Kishida’s new goal of increasing Japan’s defense spending to 2.7 percent of the country’s gross domestic product by 2027 comes on the heels of German Olaf Scholz’s. Zeitenwende address. Days after Russia’s invasion of Ukraine, Scholz called the war a “turning point” and was a big reason, he said, to increase Berlin’s defense spending to 2 percent of GDP. of Germany, reversing decades of wariness in military matters after the end of the Cold War. War.
Both publications are remarkable for nations with complex histories. They came a few years after Trump tried to bully allies into putting up their own barriers again. Many did so — but on Biden’s watch.
“What Kishida published is very similar to what Scholz did,” said Ian Bremmer, president of The Eurasia Group, an international risk assessment firm. Although the change is largely due to a change in the security environment, he said, “Biden’s leadership has made it easier for Japan to relax because they know he will be there. It has really slowed down.” Trump. I don’t hear Japanese leaders worried about Trump coming back.
Kishida’s trip to Washington was the last stop in a week-long trip to meet with G-7 leaders ahead of a May summit he will host in his hometown of Hiroshima that will focus on abolition. nuclear weapons. It also comes as he has become weak at home due to a series of misdeeds.
“Kishida wants a hug from Biden, and Biden can give it to him,” said Joshua Walker, president and CEO of the Japanese Society of America.
With little progress on a trans-Pacific trade agreement, the meetings will continue to focus on defense and technology issues, limiting exports of semiconductors to China.
They could also address Japan’s concerns about regional stability, which have deepened amid North Korean leader Kim Jong Un’s resumption of aggressive missile and missile tests. and China for Taiwan.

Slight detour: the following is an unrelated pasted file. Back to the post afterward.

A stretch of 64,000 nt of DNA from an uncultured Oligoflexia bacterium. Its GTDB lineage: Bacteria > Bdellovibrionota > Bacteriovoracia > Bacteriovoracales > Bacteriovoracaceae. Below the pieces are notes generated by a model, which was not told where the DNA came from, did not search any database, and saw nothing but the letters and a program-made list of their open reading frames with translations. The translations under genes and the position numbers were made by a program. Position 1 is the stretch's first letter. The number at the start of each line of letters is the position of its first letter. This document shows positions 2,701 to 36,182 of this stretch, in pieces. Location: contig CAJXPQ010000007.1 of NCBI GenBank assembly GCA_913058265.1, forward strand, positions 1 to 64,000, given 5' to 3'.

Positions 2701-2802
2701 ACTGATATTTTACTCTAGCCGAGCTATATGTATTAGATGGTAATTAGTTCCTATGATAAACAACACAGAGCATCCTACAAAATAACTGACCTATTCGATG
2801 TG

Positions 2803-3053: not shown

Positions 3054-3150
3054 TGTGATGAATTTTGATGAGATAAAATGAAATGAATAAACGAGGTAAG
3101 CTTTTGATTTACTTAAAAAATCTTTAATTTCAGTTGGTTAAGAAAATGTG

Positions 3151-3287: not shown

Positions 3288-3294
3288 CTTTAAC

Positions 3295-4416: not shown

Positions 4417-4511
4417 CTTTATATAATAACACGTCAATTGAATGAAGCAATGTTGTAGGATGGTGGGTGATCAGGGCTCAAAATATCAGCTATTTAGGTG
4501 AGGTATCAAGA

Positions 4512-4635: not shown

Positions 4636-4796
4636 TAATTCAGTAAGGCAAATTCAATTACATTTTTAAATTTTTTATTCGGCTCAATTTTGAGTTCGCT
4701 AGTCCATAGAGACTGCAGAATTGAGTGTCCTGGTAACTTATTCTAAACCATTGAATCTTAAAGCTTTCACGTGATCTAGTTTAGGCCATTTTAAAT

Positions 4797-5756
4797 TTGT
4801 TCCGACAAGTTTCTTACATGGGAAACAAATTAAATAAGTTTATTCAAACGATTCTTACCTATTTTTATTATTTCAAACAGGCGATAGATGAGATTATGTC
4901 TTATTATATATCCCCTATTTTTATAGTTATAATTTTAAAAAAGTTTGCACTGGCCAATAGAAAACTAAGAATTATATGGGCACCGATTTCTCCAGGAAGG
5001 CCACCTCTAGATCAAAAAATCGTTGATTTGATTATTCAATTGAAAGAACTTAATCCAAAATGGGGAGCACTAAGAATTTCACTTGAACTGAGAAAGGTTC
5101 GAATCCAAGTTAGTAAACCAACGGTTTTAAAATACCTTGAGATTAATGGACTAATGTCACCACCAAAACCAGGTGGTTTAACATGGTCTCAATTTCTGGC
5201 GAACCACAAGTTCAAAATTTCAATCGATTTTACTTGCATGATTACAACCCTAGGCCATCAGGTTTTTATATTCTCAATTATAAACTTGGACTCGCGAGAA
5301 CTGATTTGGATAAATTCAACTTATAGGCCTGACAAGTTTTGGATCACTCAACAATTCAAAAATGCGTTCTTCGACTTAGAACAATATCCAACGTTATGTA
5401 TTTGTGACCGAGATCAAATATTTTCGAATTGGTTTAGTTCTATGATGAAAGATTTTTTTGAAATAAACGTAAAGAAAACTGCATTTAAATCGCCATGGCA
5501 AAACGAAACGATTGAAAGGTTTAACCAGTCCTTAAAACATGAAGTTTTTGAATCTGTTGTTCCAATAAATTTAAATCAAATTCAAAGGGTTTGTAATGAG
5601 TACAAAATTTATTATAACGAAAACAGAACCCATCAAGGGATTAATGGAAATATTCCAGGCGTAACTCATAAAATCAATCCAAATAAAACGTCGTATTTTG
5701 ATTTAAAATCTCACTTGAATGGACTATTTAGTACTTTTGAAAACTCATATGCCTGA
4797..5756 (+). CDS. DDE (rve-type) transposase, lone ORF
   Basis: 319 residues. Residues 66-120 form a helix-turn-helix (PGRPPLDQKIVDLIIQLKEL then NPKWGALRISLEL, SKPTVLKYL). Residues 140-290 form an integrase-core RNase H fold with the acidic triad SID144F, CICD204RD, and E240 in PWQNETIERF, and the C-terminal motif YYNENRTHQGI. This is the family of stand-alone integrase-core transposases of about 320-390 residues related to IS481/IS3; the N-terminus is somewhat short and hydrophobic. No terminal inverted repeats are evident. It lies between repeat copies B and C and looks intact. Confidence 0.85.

“Most of Tokyo’s concerns are focused on China, but North Korea continues to show that it should not be ignored,” said Sheila Smith, a senior fellow at the Council on Foreign Relations. “The long-term balance of power across the Indo-Pacific will be determined by combining the strategies of Japan, the US, Australia and India.”
Both Biden and Kishida agree with that. The White House, meanwhile, has been heartened by Kishida’s response to the conflict in Ukraine – which began just months after his election – and his willingness to condemn the Russian invasion and the decision tough sanctions against the US and European allies. That’s a major turnaround from 2014, when Japan sought to avoid taking sides following Russia’s annexation of Crimea. In an interview last week with the Washington Post, Kishida reiterated Biden’s view that Moscow’s unprovoked attack was not only the end of eastern Europe but also of global order.
“We’re seeing more convergence of Japan’s worldview and the US’s worldview,” said a senior administration official, who declined to comment on the bilateral meetings on the nameless. Tokyo’s move to take a more defensive stance, the official continued, “shows how much confidence comes from American investments in the relationship.”
No news conference was scheduled after Friday’s bipartisan meeting. Instead, the announcement that Biden and Kishida will make will come in the form of a joint statement outlining topics on defense, space cooperation and cyber security.
“Our partners in China are watching this,” Walker said. “The joint talks appear to be stronger than anything we’ve seen because Japan’s desire not to name China is waning under Kishida.”
James Schoff, a senior Pentagon adviser on East Asia policy and now executive director of the DC-based Sasakawa Peace Foundation, said it looks like “a laundry list. But I think about body language and [projecting] The idea is that we know what challenges are in front of us, we are closing, hand in hand, working to deal with them.”
Most of the “deliverables” that will come out of Friday’s meeting were written on Wednesday in a joint statement by Secretary of State Antony Blinken, Defense Secretary Lloyd Austin and their Japanese counterparts, Yoshimasa Hayashi and Yasukazu Hamada.
On the defense side, the two countries have agreed to increase the US military presence on the island of Okinawa, a project to enhance the ability to stop ships if the Chinese came to Taiwan. They also announced plans to add overseas territories to the scope of the U.S.-Japan security treaty and to begin military operations in 2027.
“I hope the meeting lasts several hours,” said Sen. Bill Hagerty (R-Tenn.), former U.S. ambassador to Japan. “I hope you’ll see a very supportive Biden administration talking about how we’re going to find ways to increase our [military] working together… to improve the efficiency of the military procurement process because we [Japan’s] the largest supplier of military weapons.”